Add to Cart failed.
Add to Wish List failed.
Remove from wishlist failed.
Adding to library failed
Follow podcast failed
Unfollow podcast failed
Buy for $24.47
At 40, the writer Nathan Zuckerman comes down with a mysterious affliction - pure pain, beginning in his neck and shoulders, invading his torso, and taking possession of his spirit. Zuckerman, whose work was his life, is unable to write a line. Now his work is trekking from one doctor to another, but none can find a cause for the pain or assuage it. Zuckerman himself wonders if the pain could have been caused by his own books. And while he is wondering, his dependence on painkillers grows into an addiction to vodka, marijuana, and Percodan.
The third volume in the Nathan Zuckerman series, The Anatomy Lesson provides some of the funniest scenes in all of Roth's fiction - as well as some of the fiercest.
What listeners say about The Anatomy LessonAverage Customer Ratings
Reviews - Please select the tabs below to change the source of reviews.
Pain is like a baby crying
“Pain is like a baby crying. What it wants it can't name.”
― Philip Roth, The Anatomy Lesson
The Anatomy Lesson is book # 3 in the Zuckerman Bound trilogy. The first two being The Ghost Writer and Zuckerman Unbound. The Prague Orgy is also included often, as it is the epilogue (thus turning the trilogy into a tetralogy.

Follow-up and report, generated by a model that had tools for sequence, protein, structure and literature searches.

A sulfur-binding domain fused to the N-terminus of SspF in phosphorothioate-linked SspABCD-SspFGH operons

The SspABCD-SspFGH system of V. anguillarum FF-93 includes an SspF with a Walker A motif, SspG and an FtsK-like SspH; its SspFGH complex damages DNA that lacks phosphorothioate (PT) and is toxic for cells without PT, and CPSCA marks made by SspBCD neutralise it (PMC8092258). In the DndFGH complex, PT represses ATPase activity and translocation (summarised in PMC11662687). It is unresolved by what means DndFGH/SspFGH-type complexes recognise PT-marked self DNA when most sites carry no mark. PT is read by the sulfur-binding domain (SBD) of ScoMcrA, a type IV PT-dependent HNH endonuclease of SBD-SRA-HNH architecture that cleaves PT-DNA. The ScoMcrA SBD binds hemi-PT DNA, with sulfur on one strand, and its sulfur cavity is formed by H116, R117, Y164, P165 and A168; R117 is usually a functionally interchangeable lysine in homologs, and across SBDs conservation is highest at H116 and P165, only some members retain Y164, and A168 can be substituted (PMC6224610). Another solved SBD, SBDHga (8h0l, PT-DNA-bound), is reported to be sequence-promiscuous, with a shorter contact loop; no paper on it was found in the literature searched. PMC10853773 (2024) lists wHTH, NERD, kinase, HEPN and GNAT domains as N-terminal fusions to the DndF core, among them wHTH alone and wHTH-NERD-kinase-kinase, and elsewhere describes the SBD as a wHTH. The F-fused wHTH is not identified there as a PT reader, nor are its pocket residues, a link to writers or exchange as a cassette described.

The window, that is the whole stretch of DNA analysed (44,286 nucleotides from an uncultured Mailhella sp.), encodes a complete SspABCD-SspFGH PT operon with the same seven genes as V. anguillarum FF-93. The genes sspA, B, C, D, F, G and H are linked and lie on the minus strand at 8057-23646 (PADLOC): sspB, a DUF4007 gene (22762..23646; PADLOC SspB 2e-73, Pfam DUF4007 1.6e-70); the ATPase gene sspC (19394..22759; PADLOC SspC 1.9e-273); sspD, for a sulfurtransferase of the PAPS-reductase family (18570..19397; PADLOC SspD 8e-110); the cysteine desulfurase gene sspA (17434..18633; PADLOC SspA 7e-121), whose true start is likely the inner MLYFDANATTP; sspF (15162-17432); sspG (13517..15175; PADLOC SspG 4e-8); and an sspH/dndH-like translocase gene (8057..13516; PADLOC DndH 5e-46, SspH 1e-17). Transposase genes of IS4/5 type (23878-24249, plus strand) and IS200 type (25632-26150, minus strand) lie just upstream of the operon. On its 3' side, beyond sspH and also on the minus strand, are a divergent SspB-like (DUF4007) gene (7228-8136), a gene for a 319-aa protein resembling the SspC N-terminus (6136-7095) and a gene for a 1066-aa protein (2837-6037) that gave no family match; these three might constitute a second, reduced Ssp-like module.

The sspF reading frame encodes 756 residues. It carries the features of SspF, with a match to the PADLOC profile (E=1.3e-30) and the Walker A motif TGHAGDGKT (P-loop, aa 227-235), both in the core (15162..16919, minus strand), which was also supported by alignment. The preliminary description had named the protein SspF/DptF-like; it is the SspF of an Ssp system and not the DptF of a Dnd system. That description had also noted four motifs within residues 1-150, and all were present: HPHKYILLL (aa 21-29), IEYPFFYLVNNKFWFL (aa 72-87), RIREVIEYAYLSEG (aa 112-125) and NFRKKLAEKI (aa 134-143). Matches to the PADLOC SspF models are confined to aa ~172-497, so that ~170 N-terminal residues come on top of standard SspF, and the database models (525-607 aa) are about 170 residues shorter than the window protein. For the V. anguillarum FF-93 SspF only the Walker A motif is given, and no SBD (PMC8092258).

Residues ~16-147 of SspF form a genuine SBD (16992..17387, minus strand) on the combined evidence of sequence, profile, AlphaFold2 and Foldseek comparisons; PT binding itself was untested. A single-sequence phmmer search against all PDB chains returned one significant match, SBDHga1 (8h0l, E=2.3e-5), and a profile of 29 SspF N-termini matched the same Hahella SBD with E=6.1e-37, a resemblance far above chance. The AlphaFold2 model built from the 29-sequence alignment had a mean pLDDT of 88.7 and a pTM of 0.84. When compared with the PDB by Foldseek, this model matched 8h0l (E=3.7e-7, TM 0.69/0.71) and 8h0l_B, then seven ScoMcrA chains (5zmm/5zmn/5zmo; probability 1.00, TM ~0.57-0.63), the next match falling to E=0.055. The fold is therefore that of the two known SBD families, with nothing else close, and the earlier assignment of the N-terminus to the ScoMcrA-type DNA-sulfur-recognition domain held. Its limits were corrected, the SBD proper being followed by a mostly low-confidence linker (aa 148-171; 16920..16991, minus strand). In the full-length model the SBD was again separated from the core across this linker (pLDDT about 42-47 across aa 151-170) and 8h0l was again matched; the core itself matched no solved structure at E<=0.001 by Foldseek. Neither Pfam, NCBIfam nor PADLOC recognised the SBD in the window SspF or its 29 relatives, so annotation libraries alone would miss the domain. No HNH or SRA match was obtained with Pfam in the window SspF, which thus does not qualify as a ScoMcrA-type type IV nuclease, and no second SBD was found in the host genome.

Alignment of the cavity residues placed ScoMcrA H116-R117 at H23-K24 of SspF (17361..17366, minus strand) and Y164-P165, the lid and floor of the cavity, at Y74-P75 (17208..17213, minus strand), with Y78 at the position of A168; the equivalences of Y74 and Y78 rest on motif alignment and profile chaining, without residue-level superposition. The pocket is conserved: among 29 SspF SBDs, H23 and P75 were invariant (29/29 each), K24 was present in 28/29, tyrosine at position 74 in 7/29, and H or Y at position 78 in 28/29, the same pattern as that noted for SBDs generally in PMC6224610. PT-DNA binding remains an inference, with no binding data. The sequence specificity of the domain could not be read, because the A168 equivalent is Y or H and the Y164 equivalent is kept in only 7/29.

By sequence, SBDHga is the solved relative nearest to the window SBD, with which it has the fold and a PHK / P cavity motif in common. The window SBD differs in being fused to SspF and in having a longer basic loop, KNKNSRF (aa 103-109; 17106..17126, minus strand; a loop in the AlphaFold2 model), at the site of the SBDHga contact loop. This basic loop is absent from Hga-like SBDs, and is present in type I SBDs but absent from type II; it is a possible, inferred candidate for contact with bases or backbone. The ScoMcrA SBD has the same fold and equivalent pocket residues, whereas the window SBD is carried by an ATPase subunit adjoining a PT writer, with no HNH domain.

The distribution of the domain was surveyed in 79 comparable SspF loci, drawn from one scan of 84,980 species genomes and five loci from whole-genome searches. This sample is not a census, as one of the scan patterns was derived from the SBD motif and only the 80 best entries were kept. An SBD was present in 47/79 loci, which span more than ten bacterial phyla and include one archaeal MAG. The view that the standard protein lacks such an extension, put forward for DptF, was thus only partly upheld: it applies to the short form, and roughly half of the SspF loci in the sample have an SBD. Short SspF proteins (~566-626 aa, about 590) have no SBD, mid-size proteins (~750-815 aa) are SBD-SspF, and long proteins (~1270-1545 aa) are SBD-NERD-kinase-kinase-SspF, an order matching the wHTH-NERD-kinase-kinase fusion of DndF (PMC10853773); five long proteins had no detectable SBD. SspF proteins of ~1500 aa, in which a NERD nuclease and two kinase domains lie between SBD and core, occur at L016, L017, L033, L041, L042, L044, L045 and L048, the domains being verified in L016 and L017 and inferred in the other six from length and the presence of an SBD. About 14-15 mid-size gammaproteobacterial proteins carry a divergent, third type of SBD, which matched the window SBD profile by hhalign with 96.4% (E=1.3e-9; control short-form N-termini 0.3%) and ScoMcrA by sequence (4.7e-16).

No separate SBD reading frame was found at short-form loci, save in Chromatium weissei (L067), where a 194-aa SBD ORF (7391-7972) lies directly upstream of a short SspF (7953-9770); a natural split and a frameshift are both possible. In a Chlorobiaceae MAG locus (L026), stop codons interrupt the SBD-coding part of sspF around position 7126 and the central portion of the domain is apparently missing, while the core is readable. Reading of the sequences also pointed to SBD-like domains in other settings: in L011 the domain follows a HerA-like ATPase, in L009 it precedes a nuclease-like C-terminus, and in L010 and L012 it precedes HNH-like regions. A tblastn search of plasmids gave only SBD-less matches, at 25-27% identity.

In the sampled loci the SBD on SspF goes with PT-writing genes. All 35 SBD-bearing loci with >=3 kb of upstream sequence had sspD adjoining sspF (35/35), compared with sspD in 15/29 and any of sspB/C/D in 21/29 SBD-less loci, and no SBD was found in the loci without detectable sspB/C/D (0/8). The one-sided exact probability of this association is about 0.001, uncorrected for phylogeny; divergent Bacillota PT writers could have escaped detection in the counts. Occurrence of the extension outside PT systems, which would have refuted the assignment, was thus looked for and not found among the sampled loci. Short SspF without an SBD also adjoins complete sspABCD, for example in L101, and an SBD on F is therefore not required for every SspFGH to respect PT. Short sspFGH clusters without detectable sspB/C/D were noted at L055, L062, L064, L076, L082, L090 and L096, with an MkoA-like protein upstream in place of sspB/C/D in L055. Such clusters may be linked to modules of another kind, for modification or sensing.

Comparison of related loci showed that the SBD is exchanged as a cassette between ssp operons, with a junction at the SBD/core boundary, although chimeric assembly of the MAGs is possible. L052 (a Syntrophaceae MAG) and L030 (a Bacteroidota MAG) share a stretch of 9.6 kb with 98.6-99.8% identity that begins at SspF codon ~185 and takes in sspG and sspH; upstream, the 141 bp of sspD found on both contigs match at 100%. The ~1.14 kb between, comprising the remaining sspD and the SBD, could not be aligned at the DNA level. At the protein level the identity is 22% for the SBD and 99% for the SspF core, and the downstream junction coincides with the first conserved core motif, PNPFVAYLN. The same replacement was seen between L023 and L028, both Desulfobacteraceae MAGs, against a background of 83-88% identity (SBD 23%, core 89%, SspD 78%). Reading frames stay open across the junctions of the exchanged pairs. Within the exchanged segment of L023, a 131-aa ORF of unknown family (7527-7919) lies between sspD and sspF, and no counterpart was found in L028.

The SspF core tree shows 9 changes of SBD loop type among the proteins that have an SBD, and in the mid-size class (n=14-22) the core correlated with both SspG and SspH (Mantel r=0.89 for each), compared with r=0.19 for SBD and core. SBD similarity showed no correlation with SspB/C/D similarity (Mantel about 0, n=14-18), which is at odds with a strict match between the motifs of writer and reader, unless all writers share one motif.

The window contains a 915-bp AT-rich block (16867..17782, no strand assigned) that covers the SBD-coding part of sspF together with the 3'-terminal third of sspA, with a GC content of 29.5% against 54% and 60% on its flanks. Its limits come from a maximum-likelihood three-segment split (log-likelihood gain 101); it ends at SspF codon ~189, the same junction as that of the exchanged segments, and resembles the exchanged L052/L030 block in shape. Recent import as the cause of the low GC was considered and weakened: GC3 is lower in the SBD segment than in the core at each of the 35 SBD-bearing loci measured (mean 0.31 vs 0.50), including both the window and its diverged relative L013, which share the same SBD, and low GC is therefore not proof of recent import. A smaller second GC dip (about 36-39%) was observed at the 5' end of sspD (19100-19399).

Anyway, like all of the Zuckerman novels, Roth is brutal in his introspection. Zuckerman has bottled up his anger at his moralist critics and mental anguish at the death of his parents to the extent that he actually suffers physically and is unable to write. This creative castration of Zuckerman serves to drive the narrative (as much as this type of novel has a driven narrative). Mostly, it deals with conversations with friends and doctors, physical relationships with female caregivers, and large doses of philosophical tangents on pain, pleasure, defense of creativity, consciousness, kin, death, doubt, etc.
One of my favorite sections of the book was Zuckerman riffing on the inside of his mouth:
"When he wasn't sucking liquid pulp or sleeping, he went exploring his mouth with his tongue. Nothing existed but the inside of his mouth. He made all sorts of discoveries in there. Your mouth is who you are. You can't get very much closer to what you think of yourself. The next stop up is the brain. No wonder fellatio has achieved such renown. Your tongue lives in your mouth and your tongue is you. He sent his tongue everywhere to see what he was doing beyond the mental arch bars and elastic bands. Across the raw vaulted dome of the palate, down to the tender cavernous sockets of the missing teeth, and then the plunge below the gum line. That is where they'd opened him up and wired him together. For the tongue it was like the journey up the river in "Heart of Darkness". The mysterious stillness, the miles of silence, the tongue creeping conradianly on toward Kurtz. I am the Marlowe of my mouth."
14 people found this helpful
I picked this up at the suggestion of a reputable news source to develop further insight into chronic pain. The book is very well written, interesting, and realistic. I just had a hard time getting though it due to the extreme raunchiness of certain sections. I don’t feel like I developed any added insight.